• SM.com_BlogShare_DesktopSlider_1920x450-1
  • AWS-Vlog_Desktop_SliderImage_09102018-1
  • BuyDRM_WowzaStreaming_Slider_1920x450.png
  • EPIX_BlogSlider_1920x450
  • SM.com_BlogShare_TabletSlider_768x430-1
  • 763x430_BuyDRM_AWS-Vlog
  • 763x430_BuyDRM_WowzaStreaming
  • 763x430_BuyDRM_EPIX
  • SM.com_BlogShare_1200x628-1
  • 378x300_BuyDRM_AWS-Vlog
  • 378x300_BuyDRM_WowzaStreaming
  • 378x300_BuyDRM_EPIX

How To Protect Your Content With DRM

Posted by Christopher Levy on Aug 13, 2019 10:00:00 AM

Recently we had the pleasure of working with Jan Ozer again on another extremely informative piece on "How To Protect Your Content With DRM." Jan has an innate ability to capture the essence of deeply-technical issues like Digital Rights Management. In the past we have supported his efforts to that effect by providing some secondary editorial and content suggestions and access to our platform and marketing communications. This article is another must-read for seekers of DRM knowledge. It's a universal article that describes all the components of a successful DRM deployment in an easy to read and engaging format. So take a minute and walk through this piece from Jan. It's going to increase your DRM knowledge and enable you to advance your OTT business.

This article originally appeared in the March 2019 issue of Streaming Media Magazine and was written by Jan Ozer. To view the original article, click here. 

You’ve been distributing unsecured video from your website, and you’ve decided that you need content protection in the form of digital rights management (DRM). Perhaps it’s to protect premium content that you’re selling, or perhaps to control access to training, marketing, sales, on-boarding, or other proprietary or confidential videos. In this tutorial, we’ll describe what DRM is, how it works, which DRM technologies you’ll need to implement, how to choose a technology partner, how to encrypt, and how to license acquisition to your video player.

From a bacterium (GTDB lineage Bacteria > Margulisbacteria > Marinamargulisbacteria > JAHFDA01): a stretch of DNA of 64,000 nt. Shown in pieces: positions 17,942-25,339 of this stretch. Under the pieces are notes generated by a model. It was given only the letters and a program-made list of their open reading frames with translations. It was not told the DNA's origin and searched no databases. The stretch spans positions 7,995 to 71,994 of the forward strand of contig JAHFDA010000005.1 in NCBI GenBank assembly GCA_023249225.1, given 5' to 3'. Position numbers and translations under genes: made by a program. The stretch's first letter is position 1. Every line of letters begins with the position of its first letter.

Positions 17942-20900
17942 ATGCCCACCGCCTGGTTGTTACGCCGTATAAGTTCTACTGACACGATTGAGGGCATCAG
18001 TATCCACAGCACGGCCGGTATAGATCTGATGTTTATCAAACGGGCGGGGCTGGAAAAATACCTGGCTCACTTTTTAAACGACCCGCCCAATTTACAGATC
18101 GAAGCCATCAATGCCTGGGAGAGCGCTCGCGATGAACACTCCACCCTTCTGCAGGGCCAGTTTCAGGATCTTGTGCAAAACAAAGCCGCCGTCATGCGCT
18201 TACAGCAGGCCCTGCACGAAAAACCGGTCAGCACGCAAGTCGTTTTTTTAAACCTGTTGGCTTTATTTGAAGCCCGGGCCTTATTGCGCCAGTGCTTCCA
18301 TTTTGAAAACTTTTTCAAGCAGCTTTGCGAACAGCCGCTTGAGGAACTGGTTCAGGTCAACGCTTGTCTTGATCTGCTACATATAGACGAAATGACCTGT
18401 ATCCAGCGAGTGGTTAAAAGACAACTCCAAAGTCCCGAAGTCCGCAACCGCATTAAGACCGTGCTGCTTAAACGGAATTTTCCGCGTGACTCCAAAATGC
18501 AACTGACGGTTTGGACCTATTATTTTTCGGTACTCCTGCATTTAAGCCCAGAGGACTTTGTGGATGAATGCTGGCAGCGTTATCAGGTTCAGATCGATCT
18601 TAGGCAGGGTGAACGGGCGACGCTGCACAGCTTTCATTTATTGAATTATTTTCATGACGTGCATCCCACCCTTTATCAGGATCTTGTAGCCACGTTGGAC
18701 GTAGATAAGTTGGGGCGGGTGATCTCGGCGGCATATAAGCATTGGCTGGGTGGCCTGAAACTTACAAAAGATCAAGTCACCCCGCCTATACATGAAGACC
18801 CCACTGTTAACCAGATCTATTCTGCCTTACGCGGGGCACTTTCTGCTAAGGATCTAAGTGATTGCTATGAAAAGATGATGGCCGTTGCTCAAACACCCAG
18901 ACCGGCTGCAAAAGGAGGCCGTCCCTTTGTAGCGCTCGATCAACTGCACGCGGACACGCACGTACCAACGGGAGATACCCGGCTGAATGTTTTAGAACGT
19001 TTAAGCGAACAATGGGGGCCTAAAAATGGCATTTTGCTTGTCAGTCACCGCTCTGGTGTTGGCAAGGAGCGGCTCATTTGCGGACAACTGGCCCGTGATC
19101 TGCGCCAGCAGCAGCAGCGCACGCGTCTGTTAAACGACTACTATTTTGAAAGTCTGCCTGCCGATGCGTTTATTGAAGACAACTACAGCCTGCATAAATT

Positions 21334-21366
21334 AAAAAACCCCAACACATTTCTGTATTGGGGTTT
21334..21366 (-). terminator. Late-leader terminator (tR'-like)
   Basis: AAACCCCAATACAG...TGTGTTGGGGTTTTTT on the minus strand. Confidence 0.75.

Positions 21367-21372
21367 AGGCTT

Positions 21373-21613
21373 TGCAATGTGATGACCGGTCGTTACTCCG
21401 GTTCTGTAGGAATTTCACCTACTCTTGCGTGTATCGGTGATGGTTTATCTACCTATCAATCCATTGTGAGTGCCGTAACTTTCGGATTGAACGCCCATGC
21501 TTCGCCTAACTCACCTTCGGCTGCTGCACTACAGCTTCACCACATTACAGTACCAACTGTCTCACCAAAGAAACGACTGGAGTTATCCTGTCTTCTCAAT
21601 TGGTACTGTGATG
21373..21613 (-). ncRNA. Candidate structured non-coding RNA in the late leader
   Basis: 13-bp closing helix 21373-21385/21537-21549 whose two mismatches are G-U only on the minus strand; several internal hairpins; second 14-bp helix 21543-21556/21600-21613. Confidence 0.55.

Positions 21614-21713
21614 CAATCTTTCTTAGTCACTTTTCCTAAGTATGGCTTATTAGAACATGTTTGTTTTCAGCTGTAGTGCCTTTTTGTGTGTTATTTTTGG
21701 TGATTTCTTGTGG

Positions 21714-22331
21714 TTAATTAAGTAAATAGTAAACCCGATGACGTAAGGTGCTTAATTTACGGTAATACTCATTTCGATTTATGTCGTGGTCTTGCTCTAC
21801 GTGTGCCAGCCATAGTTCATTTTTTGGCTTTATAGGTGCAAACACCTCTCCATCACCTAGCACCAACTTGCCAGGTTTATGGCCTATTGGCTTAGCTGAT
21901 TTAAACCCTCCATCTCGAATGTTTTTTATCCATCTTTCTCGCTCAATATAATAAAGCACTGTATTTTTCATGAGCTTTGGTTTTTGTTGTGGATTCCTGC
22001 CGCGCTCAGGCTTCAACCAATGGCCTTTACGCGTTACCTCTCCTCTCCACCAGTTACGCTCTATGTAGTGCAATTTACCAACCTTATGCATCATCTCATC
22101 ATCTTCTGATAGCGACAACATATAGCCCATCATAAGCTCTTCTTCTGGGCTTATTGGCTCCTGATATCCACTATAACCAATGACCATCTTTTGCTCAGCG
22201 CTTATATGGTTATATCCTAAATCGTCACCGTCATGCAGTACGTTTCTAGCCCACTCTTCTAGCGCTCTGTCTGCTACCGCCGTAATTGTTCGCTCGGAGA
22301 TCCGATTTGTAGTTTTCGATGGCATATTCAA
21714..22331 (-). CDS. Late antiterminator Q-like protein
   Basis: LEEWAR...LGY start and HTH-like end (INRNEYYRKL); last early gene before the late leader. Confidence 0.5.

DRM involves encrypting your content so it can’t be read without a decryption key supplied by a third-party DRM platform that includes license servers. This concept of third-party DRM platforms is one of the key features that separates true DRM from simple encryption like what’s available for HLS via AES 128-bit encryption. Since simple encryption is both cheaper and easier than true DRM, it’s a useful distinction to understand, so let’s start there.

To continue reading the original article, click here. 


    Subscribe for Instant Notifications

    New call-to-action

    Posts by Topic

    see all